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Limnology

, Volume 11, Issue 1, pp 63–70 | Cite as

Multilayer biological structure and mixing in the upper water column of Lake Biwa during summer 2008

  • Hidekatsu YamazakiEmail author
  • Hikaru Honma
  • Takeyoshi Nagai
  • Mark J. Doubell
  • Kazuo Amakasu
  • Michio Kumagai
Research paper

Abstract

We carried out a 24-h station experiment at Lake Biwa (Japan) to measure mixing events and concurrent biological signals using a free-fall microstructure profiler (TurboMAP-L), conventional hydrographic measurement device (F-probe), and the Tracker acoustic profiling system (TAPS). A clearly defined three-layer physical system was observed. Two layers were actively mixed: the surface-mixed layer and the subsurface-mixed layer. Both winds and night-time convection create the surface-mixed layer, and vertical shear due to a counterclockwise gyre maintains turbulence in the subsurface mixing layer. A strongly stratified layer between these two mixing layers is almost turbulence free, so no material flux is expected. A local oxygen maximum layer, a local oxygen minimum layer, and layers of increased chlorophyll and zooplankton abundance are all located in this strongly stratified layer. The data show the intricate influence of physical processes on the structure of biological systems and their combined influence on biogeochemical and trophic transfers in aquatic systems.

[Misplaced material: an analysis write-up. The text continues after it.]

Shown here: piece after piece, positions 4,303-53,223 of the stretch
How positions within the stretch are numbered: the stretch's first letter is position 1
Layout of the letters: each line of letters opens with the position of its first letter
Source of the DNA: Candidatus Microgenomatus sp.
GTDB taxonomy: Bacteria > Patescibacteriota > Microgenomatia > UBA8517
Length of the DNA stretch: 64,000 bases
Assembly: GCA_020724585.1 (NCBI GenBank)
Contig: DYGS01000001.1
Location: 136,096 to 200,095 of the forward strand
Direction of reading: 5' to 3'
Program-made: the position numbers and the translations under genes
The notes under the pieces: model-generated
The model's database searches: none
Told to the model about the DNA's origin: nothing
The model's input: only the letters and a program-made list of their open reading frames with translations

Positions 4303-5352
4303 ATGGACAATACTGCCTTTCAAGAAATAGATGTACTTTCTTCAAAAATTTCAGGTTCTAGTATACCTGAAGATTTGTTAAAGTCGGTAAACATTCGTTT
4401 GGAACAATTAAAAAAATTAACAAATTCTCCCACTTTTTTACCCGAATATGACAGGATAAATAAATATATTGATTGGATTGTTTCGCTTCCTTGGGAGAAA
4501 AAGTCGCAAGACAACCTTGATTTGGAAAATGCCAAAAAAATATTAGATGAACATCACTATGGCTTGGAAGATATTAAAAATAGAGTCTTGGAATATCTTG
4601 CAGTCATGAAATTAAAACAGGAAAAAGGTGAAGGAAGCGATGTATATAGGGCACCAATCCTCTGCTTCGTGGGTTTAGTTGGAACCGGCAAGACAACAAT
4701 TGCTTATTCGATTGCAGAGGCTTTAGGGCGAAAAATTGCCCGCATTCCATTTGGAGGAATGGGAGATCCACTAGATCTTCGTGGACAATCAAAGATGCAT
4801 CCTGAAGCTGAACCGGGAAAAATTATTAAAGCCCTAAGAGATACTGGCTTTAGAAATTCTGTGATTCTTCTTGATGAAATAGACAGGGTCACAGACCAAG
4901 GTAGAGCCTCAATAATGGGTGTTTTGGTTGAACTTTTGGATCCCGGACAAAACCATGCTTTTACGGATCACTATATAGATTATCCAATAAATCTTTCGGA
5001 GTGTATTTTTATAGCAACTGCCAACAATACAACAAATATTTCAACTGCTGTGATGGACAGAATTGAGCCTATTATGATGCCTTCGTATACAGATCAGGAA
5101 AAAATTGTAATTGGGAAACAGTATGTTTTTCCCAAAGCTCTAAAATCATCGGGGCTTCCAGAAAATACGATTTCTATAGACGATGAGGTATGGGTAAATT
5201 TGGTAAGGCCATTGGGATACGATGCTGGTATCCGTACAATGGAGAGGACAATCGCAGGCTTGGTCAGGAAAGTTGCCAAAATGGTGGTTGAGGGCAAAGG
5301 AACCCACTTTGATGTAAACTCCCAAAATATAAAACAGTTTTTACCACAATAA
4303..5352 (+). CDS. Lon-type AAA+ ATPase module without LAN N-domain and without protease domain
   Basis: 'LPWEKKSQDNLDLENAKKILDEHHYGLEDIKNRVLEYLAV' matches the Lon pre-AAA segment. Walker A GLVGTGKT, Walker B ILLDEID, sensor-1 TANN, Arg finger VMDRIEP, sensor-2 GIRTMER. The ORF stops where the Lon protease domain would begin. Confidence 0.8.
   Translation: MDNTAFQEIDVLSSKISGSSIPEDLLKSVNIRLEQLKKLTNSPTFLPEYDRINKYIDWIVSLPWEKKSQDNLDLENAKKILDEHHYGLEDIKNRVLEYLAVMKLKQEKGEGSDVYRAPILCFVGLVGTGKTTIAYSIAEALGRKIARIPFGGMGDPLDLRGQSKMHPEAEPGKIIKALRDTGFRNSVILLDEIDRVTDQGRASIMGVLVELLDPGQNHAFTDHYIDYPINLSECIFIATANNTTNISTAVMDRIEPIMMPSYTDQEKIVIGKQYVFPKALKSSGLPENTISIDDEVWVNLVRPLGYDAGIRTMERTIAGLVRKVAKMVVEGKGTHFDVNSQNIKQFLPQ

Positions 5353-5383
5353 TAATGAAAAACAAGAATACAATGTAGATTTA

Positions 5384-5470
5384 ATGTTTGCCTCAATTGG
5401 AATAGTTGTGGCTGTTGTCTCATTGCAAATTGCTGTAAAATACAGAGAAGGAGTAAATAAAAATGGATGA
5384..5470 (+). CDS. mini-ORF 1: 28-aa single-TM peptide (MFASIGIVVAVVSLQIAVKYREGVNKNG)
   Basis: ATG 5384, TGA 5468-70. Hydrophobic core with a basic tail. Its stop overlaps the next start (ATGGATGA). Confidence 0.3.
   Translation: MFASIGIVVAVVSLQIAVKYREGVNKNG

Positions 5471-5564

Keywords

Phytoplankton Oxygen Stratification Mixing Turbulence 

Notes

Acknowledgments

This work was supported by the Global Environment Research Fund (Fa-084) by the Ministry of the Environment, and partially supported by a Grant-in-Aids for Scientific Research (20244079) from the Japan Society for the Promotion of Science. M.J. Doubell was supported by a Japan Society for the Promotion of Science postdoctoral fellowship (JSPS-07770). We are grateful for the field assistance of the crews of R/V Hakken at LBERI.

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Copyright information

© The Japanese Society of Limnology 2009

Authors and Affiliations

  • Hidekatsu Yamazaki
    • 1
    Email author
  • Hikaru Honma
    • 1
  • Takeyoshi Nagai
    • 1
  • Mark J. Doubell
    • 1
  • Kazuo Amakasu
    • 2
  • Michio Kumagai
    • 3
  1. 1.Tokyo University of Marine Science and Technology, Department of Ocean SciencesTokyoJapan
  2. 2.Tokyo University of Marine Science and Technology, Research Center for Advanced Science and TechnologyTokyoJapan
  3. 3.Lake Biwa Environmental Research InstituteŌtsuJapan

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